The Jordanian government insisted on an investigation in the aftermath of the attack, which Israeli authorities rejected, claiming diplomatic immunity for the embassy guard. Jordanian officials promised that the killer wouldn’t leave Jordanian soil without being questioned, and demanded clarity on how and why their two citizens were killed. Parliamentarian and former Bar Association chairman Saleh al-Armouti criticized the delay of investigation, saying that it was a challenge to Jordanian sovereignty and calling for the expulsion of the “Zionist ambassador” from Amman, withdrawal of Jordanian diplomats from Tel Aviv, and cancellation of the Israel-Jordan peace treaty. On Twitter, MP Dima Tahboub, who is affiliated with Jordan’s Muslim Brotherhood, wrote: “May God untie the knotted tongues of the official media and quickly bring a statement about the event to the people, instead of leaving them prey to the news of the Zionist media!!”
At a supermarket next to the Israeli embassy, 19-year-old Abed al-Dabbas said he wouldn’t believe reports from the Israeli or Jordanian governments. He’d grown up in the neighborhood but never engaged with Israeli embassy staff, he said. “No one can talk to them. They always have bodyguards,” al-Dabbas said. “Jordan’s police protect them, not us.”
Mohammed al-Jawawdeh’s family denied any possibility that their son might have planned an attack. “He’s just a kid. He doesn’t think like that. He was just going to fix a bedroom, and now he’s a martyr,” Zakaria al-Jawawdeh said.
Their lawyer, Fayez Basbous, speculated that perhaps the Israeli had opened fire suspecting that the boy’s toolbox concealed some kind of weapon. “Maybe he thought they were coming to attack the embassy,” Basbous said. “Now it’s in the hands of the Jordanian government. He is a son of Jordan.”
The leaderships in Amman and Jerusalem, meanwhile, have attempted to defuse both crises at once. Jordan’s King Abdullah II called Israeli Prime Minister Benjamin Netanyahu, and the head of Israel’s Shin Bet security agency came to Amman to negotiate. The mediation ended in a compromise: Jordanian police came to the embassy and heard the guard’s account of what had happened as he described it to Israeli diplomats, according to Israeli reports, instead of being directly interrogated by Jordanians.
Soon after, the entire embassy staff was evacuated to Israel, arriving by 11 p.m. Just after midnight, Jordanian intelligence released their report stating that the 17-year-old had attacked the guard with a screwdriver — but as part of a dispute about furniture delivery, not because of political motivations. Around 1 a.m., Israel announced that it would remove the metal detectors from the entrance to the Haram al-Sharif.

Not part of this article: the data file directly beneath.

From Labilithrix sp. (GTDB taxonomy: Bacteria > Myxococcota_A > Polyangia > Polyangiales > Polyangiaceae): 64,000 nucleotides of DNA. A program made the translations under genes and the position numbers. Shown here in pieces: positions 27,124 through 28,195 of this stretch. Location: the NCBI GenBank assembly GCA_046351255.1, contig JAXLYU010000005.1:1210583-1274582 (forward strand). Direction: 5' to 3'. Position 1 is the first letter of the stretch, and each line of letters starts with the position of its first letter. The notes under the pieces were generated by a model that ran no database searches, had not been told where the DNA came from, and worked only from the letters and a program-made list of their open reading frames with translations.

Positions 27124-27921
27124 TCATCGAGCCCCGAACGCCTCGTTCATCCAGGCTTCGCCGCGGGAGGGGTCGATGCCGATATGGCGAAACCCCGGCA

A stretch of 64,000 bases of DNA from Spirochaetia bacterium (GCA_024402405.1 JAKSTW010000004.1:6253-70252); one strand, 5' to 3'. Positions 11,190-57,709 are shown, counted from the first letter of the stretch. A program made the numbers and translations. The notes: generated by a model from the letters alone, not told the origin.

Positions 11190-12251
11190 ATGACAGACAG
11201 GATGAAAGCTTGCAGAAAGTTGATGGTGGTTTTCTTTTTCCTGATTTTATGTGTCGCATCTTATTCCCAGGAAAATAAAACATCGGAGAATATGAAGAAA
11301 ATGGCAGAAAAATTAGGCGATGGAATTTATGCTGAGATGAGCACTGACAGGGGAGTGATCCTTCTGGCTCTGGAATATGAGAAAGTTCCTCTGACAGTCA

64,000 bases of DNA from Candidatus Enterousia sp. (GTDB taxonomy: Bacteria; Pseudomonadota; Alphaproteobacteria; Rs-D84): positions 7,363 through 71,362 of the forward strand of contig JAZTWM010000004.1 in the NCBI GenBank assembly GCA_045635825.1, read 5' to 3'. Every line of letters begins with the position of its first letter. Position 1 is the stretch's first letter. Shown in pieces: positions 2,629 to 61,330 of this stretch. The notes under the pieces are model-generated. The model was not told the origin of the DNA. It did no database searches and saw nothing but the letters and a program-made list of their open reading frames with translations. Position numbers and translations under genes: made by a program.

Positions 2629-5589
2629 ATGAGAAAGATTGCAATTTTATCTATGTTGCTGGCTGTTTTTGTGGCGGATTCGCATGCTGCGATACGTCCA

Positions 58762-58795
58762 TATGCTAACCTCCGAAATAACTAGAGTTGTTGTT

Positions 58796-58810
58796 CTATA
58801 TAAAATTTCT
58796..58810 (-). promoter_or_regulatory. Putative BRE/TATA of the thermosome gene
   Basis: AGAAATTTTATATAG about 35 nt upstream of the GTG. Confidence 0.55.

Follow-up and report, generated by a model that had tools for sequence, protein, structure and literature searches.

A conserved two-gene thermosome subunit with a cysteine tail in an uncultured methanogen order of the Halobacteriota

The diplomatic crisis is over, so the Jordan-Israel relationship is preserved. What’s left in Amman is grief, an empty embassy, and the question of whether justice will come for those who were slain. The other man who was killed, Bashar Hamarneh, had been trained as an orthopedic surgeon in Germany and run a successful private clinic in Amman. His family couldn’t be reached, but his secretary wept over the phone, saying that they were in shock. “It’s great trauma,” she said. “He was never violent or political. He was very, very kind. He was just there because they were fixing the bedroom.”
Inside al-Jawawdeh’s home, his aunt showed me selfies Mohammad had taken, including one from the morning before his death, with poofy hair and a grey collared shirt. He was in his last year of high school before tawjihi, the college entrance exam, she said. Saja, his 13-year-old sister, showed me his bed, one out of three in a shared room, with a red model car, dumbbell, and stuffed Shrek toy on top of the headboard.
What was your brother like? I asked her. “He was…” she flinched and covered her face, crying.
The women comforted each other. “He just went to fix a bedroom. That’s all,” they kept repeating. The family has Palestinian roots — their grandparents were expelled from a small village near Hebron in 1948 — but that didn’t mean their son was a terrorist, the women said. “We don’t want violence. We’re living in our country,” said one of the aunts, 53-year-old Kamila al-Jawawdeh. “This is Jordan and we are Jordanians. We just want his rights.”
KHALIL MAZRAAWI/AFP/Getty Images